Following the recent legislative action by the Hungarian government, we would like to express our deep concern over the impact of the proposed law on Central European University (CEU), endangering its further operations in Hungary. Together with many academics in Hungary and around the world, we perceive this action as an assault on an independent academic institution which has been globally recognized for its research and teaching excellence, as well as for its unrelenting efforts in nurturing and spreading democratic values across the region. We would like to offer unequivocal support to our colleagues at the Centre for Media, Data and Society, as well as to the entire academic community of Central European University at this difficult time, and we call upon the Hungarian lawmakers and government representatives to ensure that CEU will be allowed to continue its academic mission in Hungary.

Mendeley Update: Migration to the Institutional Edition

March 30, 2017 Steven Lake

As we progress with our transition to Mendeley, our site-wide referencing software package, we will be migrating to Mendeley Institutional Edition (MIE). This means that anyone with a Mendeley account with an email/username ending in ‘lboro.ac.uk’ will be moved automatically onto the new MIE. This process will commence week beginning 3rd April.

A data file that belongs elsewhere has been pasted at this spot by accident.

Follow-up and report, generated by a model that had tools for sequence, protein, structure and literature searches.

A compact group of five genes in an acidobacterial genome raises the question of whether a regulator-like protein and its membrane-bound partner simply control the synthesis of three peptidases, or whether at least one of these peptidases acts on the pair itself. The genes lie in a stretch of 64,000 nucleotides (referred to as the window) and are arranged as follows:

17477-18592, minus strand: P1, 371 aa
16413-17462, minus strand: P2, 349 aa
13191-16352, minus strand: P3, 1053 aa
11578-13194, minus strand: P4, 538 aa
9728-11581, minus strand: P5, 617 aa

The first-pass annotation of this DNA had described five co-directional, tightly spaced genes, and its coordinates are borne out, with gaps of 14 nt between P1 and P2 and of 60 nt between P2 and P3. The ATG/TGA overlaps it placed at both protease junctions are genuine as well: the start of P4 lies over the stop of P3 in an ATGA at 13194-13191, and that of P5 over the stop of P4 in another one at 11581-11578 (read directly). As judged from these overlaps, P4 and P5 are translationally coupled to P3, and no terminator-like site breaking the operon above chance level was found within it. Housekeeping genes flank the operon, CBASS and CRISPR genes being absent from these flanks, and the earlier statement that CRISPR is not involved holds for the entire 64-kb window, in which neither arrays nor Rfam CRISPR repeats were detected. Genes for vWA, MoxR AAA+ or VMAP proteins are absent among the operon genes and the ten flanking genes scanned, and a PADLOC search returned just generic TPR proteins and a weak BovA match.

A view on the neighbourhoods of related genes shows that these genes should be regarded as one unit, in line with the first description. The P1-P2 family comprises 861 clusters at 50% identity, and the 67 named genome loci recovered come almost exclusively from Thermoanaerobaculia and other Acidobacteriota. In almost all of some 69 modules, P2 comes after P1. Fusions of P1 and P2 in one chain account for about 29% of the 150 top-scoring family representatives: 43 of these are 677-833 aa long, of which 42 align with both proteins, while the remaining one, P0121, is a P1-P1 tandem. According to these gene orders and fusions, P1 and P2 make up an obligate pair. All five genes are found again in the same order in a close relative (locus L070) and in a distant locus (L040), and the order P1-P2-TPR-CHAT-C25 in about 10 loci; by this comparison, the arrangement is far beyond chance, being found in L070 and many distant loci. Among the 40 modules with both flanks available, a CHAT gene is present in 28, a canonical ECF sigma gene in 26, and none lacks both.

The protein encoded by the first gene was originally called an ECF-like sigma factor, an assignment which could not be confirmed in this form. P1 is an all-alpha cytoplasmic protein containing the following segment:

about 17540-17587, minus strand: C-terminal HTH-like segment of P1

What does this mean in practice? You will not notice any change to your Mendeley account, it will look and remain the same. However, the MIE gives you additional, hidden benefits summarised below:

  • increased personal storage space (from 2GB to 100GB)
  • improved shared Library storage space (from 100MB to 100GB)
  • ability to set up unlimited private groups of up to 100 collaborators
  • alumni access
  • greater customer support service

These enhanced features make Mendeley a more effective collaborative tool and a useful resource for researchers. Full details on MIE can be found at:


If for any reason you do not want your personal account or group migrated to MIE please contact your Academic Librarian:


Changes to Creative & Print Services on Campus

March 29, 2017 Steven Lake

Creative and Print Services have recently expanded their services to include the University Mailroom and Parcels. Formerly part of Facilities Management, mail and parcels have been integrated with Print Services delivering a joined up approach to all print, post and distribution services.